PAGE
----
16 November 2012
Poppy row: Death threats to James McClean probed
'I know I'll end up in trouble and maybe in prison over this'
POLICE IN BRITAIN are investigating death threats by a former British Army soldier to Sunderland and Ireland soccer star James McClean over the Derry-born footballer's refusal to wear a club shirt specially embroidered with the Royal British Legion poppy in Remembrance Sunday weekend.
Manchester doorman Cody Lachey sent a string of threats to McClean via An Phoblacht and other newspapers and Twitter, including photographs of live bullets.
Responding to our story about the threats, Lachey tweeted directly to An Phoblacht:
@codylachey50: @An_Phoblacht: Poppy bullies’ death threats against James McClean! Too right he deserves to be shot dead + body dragged past the cenotaph!!
Lachey – who describes himself on his Twitter account as "ex-army lad . . . best known as the face of rioters on BBC Newsnight" – told The Irish Sun:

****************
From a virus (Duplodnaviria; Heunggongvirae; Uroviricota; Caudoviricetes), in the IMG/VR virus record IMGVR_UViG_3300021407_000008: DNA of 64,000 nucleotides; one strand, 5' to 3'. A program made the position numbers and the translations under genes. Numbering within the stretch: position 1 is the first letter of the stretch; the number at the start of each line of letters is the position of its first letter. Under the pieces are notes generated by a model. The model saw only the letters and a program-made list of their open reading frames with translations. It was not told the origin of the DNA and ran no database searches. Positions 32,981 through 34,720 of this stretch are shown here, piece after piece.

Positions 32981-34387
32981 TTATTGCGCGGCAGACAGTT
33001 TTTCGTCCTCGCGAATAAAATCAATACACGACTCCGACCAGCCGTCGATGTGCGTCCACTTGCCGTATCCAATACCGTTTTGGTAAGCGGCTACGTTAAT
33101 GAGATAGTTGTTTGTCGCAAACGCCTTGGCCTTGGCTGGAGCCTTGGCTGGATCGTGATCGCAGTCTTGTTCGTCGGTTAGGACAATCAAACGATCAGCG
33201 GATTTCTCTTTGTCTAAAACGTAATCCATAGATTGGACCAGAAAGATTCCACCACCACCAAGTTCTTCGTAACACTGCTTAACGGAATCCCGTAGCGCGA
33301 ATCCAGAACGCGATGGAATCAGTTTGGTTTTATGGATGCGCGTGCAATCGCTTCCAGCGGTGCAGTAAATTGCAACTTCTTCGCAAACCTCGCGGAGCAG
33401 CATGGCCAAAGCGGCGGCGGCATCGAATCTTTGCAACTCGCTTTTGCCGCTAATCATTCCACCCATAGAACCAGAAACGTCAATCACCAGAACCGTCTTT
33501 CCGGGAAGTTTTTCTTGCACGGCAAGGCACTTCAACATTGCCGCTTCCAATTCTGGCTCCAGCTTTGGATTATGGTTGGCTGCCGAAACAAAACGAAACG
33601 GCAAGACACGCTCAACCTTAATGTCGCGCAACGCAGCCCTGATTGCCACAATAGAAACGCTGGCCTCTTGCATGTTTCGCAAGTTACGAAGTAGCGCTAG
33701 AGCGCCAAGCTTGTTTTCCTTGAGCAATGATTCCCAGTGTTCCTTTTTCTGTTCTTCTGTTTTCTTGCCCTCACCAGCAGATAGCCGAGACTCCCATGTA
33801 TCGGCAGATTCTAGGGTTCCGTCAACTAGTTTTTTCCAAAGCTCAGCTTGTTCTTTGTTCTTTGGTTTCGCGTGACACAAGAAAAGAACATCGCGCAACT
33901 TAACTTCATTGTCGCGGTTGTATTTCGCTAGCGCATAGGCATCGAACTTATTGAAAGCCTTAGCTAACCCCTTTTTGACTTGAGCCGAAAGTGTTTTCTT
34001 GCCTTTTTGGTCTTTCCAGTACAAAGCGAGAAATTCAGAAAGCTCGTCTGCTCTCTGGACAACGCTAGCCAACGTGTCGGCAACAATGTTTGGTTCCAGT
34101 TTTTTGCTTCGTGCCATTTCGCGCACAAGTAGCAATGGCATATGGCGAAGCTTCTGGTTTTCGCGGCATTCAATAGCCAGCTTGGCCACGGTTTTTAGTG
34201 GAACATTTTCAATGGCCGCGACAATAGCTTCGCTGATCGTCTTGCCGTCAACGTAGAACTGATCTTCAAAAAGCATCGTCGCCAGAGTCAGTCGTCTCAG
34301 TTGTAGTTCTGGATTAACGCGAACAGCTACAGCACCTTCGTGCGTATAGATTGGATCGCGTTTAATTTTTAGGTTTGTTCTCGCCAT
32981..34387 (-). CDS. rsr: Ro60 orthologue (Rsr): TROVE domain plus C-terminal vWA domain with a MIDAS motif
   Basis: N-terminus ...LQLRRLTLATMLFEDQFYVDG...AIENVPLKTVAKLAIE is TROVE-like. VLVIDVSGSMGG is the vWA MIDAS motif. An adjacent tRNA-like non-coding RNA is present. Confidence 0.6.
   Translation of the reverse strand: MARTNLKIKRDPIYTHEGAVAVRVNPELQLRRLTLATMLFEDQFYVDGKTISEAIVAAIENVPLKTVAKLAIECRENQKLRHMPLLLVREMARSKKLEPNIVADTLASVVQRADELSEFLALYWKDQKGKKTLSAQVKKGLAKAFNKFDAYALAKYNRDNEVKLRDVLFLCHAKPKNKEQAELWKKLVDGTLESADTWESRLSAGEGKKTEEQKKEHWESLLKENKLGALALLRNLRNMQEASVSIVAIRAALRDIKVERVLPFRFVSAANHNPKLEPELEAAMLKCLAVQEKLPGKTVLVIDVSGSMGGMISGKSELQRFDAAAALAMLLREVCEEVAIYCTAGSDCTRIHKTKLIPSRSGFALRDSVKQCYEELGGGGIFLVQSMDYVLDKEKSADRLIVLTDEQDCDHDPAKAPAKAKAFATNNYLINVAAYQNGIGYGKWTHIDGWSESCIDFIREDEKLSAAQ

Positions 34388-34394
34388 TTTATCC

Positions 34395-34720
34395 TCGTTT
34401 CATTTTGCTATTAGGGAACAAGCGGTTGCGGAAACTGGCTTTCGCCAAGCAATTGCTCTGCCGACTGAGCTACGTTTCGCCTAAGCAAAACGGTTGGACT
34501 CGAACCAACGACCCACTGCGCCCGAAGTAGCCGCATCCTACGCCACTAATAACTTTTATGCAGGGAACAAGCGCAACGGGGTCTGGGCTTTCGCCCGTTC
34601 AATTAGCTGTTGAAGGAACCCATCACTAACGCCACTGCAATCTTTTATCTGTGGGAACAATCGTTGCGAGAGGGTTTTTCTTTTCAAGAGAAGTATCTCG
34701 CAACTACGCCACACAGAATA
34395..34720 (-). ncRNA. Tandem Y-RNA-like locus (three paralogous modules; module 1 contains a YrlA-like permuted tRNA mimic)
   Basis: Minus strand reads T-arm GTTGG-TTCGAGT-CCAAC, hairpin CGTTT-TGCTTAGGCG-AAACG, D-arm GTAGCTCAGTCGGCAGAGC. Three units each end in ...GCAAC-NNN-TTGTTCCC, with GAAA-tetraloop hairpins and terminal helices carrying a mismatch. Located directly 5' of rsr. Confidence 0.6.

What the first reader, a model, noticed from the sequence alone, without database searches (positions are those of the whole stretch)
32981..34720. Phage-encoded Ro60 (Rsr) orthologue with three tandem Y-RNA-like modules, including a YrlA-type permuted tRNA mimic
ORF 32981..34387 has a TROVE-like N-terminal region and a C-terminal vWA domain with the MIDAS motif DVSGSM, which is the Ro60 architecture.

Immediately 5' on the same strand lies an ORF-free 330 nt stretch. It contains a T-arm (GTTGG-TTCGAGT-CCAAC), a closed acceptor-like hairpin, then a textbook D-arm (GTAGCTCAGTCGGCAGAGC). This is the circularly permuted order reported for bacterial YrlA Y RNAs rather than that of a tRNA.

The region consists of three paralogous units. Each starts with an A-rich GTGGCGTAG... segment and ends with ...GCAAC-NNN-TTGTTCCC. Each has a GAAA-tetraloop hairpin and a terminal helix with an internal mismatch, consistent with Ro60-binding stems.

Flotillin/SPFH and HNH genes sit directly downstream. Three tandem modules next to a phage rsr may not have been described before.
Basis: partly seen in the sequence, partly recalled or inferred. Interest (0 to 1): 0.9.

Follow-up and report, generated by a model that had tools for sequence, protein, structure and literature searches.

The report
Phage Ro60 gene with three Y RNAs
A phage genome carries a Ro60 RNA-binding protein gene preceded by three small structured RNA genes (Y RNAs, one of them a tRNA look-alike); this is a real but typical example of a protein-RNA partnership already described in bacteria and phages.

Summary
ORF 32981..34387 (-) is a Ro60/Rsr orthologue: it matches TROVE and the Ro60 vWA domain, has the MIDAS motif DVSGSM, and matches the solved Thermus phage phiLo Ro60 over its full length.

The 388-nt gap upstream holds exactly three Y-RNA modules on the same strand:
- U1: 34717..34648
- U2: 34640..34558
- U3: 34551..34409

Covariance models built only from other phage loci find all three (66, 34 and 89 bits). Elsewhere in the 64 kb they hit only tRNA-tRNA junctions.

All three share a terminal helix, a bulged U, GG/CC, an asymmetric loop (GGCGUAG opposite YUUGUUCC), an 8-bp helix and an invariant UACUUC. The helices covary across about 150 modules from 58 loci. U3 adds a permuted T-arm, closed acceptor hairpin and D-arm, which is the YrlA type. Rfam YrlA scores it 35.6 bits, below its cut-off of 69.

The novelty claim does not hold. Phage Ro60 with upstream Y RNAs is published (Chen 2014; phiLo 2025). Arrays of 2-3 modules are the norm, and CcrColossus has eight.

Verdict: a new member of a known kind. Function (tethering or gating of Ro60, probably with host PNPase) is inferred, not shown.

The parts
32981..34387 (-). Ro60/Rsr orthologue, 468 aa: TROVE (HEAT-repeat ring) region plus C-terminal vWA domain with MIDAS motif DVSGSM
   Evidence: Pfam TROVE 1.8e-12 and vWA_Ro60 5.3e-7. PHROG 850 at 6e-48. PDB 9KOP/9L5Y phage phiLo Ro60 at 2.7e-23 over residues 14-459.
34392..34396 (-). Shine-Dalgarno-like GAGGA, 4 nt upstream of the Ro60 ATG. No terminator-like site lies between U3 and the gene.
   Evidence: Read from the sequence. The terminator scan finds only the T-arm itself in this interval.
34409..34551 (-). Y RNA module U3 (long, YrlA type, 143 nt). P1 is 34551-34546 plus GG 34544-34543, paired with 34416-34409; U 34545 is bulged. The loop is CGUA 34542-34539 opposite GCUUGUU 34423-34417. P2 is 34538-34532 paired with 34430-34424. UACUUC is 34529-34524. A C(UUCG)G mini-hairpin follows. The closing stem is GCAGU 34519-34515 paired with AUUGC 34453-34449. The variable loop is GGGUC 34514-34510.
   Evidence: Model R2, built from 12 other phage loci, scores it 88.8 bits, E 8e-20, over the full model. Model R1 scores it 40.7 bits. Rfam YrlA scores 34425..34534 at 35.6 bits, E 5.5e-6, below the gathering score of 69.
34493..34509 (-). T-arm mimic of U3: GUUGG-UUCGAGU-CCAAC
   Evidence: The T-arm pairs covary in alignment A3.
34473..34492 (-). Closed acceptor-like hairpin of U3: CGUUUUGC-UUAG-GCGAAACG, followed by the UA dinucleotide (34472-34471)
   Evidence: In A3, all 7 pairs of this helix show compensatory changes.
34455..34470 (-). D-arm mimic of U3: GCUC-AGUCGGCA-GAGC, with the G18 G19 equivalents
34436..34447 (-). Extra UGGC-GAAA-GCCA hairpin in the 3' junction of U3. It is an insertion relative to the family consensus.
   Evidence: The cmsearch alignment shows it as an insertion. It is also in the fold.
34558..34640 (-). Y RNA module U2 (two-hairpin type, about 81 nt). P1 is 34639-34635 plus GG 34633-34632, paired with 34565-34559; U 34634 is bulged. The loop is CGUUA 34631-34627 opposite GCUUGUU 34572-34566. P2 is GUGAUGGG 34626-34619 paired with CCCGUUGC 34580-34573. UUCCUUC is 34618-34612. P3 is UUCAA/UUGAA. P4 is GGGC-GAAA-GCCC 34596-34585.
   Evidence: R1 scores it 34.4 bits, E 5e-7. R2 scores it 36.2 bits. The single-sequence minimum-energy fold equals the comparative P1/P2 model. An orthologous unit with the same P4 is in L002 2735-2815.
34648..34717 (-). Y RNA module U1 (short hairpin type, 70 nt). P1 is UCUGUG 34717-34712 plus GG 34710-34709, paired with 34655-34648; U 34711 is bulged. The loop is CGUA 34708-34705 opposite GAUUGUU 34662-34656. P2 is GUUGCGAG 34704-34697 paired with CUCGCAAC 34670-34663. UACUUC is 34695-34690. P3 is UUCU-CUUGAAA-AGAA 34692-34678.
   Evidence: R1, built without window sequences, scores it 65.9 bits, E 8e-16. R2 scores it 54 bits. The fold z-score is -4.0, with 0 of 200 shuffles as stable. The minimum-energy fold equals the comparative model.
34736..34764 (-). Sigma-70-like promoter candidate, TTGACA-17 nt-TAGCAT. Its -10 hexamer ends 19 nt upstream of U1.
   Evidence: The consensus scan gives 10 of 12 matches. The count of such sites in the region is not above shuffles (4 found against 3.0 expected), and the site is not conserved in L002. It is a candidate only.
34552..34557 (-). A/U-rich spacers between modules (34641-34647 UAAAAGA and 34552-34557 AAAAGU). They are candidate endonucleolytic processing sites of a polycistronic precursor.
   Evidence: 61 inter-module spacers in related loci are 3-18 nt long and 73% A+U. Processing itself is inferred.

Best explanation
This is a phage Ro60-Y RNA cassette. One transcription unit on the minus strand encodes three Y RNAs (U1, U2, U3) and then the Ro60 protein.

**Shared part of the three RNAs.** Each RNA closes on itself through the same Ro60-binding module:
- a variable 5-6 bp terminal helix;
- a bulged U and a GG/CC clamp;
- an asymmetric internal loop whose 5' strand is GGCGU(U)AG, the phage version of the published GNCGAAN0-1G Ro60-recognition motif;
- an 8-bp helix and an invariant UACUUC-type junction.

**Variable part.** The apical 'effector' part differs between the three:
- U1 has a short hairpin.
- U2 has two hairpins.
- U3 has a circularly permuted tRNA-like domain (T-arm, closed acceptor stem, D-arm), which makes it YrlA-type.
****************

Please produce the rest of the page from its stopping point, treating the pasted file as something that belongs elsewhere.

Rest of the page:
"I think he's a f ---ing disgrace. I know I'll end up in trouble and maybe in prison over this but I'm willing to go to court, that's how strongly I feel."
The Sun says it has sent a file to New Scotland Yard and police told reporters the ex-soldier's threats are being examined.
Fascinating insights into
Irish revolutionary history
for you to read online
Every week over the next two years, An Phoblacht is making all the editions of The Irish Volunteer – the newspaper of the Irish Volunteer movement – available online exactly 100 years after they were first published
The Irish Volunteer — tOglác na hÉireann was first published on 7 February 1914 and every week until 22 April 1916, just days before the Easter Rising.
Acting as the official newspaper of the Irish Volunteers it outlined the political views of the leadership and reported on the and important events, such as the Howth Gun Running of 1914.
Included in its pages alongside political opinions and news reports are various advertisements for such items as revolvers, bandoliers and military uniforms from stockists across Ireland.
You can now read these fascinating insights into Irish revolutionary history with an online subscription to An Phoblacht for just €10 per year. This includes a digital copy of each new edition of the paper and Iris magazine, access to our digitised historic archives as well as copies of The Irish Volunteer.
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